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A Report from the Betting and Gaming Council Indicates a Rise in European Black Market Gaming

Chris Grand |
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Following a survey carried out by the Betting and Gaming Council (BGC), the results have revealed an alarming trend. As opposed to improving for the better, Europe’s restrictive betting markets are witnessing an increase in offshore gaming.

There are several good reasons why it may be a good idea to introduce regulations to the gaming industry. Both users and operators will be protected while increasing matters to do with fairness and transparency.

While regulations also ensure that governments get their fair share of the whole pie, on the other hand, overregulation can come with negative impacts. A recent analysis from the UK’s Betting and Gaming Council (BGC) backs this viewpoint and warns that attempts to over-regulate the gaming industry will lead to self-destruction.

International Gaming a Common Feature in Europe

Ahead of the UK’s upcoming regulatory reform, PWC was commissioned by the Betting and Gaming Council to find out the state of black-market gambling across Europe. It shouldn’t be surprising if the report points out that indeed, there’s an increase in offshore activity in plenty of countries where oppression is on the rise.

The BGC, in a press release, pointed out several European nations and the issues that they have to contend with the use of illegal gambling sites. Norway, for example, a country known for its monopolistic and restrictive markets, reports close to 66% of its online money wagered head offshore.

France doesn’t fall far behind. The country loses close to 57% of the entire funds wagered to illegal firms. While France has a legit iGaming market following a 2009 change in law, unfortunately, the country lacks any iGaming operators with a license to operate in the country.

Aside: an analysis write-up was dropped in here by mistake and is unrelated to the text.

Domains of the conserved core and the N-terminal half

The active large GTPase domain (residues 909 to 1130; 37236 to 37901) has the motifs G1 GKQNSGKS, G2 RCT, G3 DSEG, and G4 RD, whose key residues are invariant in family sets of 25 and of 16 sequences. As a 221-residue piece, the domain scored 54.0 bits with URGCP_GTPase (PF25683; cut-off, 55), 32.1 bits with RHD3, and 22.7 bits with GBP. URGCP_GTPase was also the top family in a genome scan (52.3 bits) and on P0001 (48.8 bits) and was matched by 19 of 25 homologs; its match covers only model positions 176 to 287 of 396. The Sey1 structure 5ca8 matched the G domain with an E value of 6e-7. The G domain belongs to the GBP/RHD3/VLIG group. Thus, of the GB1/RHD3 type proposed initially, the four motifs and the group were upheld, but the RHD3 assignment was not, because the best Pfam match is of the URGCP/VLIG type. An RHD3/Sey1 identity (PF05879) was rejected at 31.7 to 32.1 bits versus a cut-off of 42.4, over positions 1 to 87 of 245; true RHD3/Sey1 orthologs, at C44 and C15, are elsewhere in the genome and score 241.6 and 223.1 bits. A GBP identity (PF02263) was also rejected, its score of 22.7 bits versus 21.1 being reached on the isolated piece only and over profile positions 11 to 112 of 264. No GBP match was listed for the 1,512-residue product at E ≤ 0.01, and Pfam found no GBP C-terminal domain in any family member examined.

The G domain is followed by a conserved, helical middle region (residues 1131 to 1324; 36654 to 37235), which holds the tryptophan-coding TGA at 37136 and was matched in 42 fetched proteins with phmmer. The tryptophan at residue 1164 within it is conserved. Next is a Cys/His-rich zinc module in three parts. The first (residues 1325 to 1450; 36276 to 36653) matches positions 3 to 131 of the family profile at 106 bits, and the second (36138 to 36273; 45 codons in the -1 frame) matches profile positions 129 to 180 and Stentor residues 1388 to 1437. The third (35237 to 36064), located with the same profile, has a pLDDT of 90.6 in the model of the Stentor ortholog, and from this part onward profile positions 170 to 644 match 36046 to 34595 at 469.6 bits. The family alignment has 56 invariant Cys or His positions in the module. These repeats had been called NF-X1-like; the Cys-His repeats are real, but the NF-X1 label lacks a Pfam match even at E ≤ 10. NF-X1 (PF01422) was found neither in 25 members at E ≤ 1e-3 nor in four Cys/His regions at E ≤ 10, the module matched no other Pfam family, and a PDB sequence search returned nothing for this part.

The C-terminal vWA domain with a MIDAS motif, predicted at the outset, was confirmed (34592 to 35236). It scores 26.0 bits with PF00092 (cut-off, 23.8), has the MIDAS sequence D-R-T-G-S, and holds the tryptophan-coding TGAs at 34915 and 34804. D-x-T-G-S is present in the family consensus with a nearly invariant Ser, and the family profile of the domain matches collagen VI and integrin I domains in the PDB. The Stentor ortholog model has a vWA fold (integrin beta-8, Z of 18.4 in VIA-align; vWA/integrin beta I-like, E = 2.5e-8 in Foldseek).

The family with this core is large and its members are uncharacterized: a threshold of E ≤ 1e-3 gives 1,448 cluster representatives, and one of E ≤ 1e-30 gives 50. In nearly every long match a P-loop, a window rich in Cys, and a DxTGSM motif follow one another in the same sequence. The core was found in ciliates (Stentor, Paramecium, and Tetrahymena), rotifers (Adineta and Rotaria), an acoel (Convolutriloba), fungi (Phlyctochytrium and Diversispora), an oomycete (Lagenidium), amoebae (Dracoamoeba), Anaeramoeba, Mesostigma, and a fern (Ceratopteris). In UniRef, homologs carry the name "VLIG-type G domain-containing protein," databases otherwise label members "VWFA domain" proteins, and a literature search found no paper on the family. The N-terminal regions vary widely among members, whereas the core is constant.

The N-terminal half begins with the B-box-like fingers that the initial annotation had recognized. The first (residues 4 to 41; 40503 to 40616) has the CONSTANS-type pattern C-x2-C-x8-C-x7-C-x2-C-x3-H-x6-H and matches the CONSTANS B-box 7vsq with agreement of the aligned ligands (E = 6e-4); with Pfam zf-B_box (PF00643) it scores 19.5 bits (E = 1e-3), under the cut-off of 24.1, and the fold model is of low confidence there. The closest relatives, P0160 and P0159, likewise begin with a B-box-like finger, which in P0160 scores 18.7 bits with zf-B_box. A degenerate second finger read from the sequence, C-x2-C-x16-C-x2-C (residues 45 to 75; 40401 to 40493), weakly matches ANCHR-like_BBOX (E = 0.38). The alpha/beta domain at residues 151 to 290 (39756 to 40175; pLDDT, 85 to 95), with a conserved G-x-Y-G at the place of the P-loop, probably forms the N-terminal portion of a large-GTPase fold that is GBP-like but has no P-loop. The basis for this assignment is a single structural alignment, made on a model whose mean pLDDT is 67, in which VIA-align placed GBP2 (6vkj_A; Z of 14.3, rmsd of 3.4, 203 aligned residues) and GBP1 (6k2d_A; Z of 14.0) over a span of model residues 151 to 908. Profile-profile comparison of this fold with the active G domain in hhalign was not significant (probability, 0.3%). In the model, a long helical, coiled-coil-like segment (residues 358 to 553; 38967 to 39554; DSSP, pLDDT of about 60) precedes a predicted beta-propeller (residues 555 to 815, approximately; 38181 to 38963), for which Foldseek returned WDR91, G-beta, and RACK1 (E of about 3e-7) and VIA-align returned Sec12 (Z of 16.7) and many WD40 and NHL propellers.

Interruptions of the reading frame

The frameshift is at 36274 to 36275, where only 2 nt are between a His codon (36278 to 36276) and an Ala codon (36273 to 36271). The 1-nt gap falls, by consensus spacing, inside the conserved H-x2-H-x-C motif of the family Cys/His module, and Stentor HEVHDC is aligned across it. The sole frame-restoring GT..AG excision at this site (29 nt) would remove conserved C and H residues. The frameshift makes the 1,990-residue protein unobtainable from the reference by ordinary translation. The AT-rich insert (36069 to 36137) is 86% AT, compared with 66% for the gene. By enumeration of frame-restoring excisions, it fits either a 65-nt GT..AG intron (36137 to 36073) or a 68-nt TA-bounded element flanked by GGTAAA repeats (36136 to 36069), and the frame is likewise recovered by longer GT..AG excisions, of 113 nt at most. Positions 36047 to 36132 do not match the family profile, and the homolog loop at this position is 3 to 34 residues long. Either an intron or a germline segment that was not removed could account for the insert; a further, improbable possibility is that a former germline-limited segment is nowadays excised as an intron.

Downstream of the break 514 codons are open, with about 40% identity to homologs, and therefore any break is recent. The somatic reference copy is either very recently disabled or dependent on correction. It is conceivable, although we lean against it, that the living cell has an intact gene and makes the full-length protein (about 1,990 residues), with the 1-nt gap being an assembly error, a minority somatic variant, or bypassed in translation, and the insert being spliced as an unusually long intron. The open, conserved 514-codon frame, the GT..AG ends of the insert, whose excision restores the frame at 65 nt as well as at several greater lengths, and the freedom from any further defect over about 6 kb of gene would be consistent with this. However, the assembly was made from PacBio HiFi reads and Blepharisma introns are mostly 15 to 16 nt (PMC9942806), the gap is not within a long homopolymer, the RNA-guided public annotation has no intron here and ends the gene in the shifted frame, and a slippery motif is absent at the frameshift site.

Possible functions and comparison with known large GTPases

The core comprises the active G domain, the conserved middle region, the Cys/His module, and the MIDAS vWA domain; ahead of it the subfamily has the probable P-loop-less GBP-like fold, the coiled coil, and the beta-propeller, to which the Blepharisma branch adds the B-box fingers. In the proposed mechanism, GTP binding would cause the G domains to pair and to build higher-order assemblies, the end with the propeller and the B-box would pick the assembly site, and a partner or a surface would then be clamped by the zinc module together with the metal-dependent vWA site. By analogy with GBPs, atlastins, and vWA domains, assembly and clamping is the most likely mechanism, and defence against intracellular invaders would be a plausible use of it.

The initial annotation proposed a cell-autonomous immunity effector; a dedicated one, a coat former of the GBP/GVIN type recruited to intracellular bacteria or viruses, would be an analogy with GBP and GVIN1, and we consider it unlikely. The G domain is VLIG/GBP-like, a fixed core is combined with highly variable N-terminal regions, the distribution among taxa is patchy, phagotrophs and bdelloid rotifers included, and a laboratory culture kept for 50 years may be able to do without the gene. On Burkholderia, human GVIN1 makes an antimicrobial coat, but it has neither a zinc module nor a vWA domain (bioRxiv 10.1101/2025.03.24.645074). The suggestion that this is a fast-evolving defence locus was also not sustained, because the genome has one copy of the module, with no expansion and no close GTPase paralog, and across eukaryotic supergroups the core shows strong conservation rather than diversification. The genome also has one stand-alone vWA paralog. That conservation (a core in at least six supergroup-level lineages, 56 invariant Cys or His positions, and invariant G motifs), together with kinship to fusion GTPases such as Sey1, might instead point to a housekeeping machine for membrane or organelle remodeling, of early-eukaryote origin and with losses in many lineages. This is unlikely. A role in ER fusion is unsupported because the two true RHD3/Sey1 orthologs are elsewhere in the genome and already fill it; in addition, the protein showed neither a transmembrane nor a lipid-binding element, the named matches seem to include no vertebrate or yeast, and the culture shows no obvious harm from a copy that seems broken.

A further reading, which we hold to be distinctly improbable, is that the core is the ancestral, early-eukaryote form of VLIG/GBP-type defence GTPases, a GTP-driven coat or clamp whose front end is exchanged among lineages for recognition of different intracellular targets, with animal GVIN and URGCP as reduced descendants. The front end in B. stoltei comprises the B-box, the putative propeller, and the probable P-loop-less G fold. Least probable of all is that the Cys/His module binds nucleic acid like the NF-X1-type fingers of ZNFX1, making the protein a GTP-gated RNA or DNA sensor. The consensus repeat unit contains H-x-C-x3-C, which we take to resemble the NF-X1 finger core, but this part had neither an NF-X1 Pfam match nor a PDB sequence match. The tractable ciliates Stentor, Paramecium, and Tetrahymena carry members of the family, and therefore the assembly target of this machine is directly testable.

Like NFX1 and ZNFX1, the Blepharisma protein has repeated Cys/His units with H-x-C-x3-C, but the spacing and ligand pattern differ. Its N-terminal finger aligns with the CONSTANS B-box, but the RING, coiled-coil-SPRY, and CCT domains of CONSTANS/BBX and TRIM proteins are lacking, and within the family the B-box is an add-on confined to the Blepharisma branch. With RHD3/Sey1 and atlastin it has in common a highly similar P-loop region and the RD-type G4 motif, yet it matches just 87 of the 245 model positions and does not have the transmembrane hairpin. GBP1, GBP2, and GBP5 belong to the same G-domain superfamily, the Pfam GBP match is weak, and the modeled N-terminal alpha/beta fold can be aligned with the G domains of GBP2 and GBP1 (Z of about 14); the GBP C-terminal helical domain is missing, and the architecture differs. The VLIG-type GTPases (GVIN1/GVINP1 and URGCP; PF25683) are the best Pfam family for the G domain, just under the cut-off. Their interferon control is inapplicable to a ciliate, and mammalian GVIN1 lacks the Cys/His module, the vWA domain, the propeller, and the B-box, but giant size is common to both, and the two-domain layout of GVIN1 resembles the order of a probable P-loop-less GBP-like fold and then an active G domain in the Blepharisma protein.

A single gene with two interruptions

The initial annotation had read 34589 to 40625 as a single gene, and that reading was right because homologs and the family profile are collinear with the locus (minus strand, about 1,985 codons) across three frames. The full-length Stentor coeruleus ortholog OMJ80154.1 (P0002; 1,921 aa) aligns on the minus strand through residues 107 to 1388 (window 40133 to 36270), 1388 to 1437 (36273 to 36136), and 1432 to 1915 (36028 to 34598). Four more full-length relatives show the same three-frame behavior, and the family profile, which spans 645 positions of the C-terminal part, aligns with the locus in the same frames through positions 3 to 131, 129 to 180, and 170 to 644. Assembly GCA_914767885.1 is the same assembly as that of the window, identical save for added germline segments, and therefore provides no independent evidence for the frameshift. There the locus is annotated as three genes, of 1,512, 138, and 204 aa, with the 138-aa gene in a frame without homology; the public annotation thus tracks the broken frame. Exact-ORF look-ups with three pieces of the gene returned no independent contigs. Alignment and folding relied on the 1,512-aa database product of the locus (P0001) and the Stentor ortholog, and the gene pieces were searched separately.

“As the growth of these sites has rocketed, black market sites’ revenues in Norway have more than tripled since 2010, and French black market revenues have almost doubled since 2015,” said a new BGC report on black-market gambling in Europe.

Self-exclusion is an amazing idea on paper. But examined closely, its operations in the real world aren’t that practical. Like several other countries, Sweden, for example, offers self-exclusion. Surprisingly, this hasn’t prevented 38% of the country’s consumers from opting for offshore options.

Spain and Italy haven’t been spared from offshore betting’s reach too. Even though they’ve gone ahead and introduced new controls and regulations, black-market betting has increased by 20% and 23%, respectively.

United Kingdom Gaming on a Collision Course with the Black Market

Recent research carried out by the UK Gambling Commission (UKGC) indicated that the current regulations in place are doing a stellar job. In its most recent reports about the “problem gambling” rate across the country, the report indicated that such had fallen from 0.6% to 0.3% in the last couple of years.

But if UK lawmakers and the UKGC continue their efforts to frustrate the gambling industry, it may end up doing more harm than good. According to the BGC, such a move would affect more than 120,000 employees. Furthermore, the government may end up losing £4.5 billion (US$6.12) that they earn in the form of tax revenues yearly.

While the BGC, an entity representing several gaming operators, isn’t advocating for a ban on regulations, they are, however, championing a practical approach to how they are formulated. The Betting and Gaming Council is hopeful that the powers-that-be can strike the proper balance between providing necessary monitoring and allowing consumers to select how and when they seek out their favorite kind of entertainment.

Betting and Gaming Council Black Market Gambling Offshore Gambling

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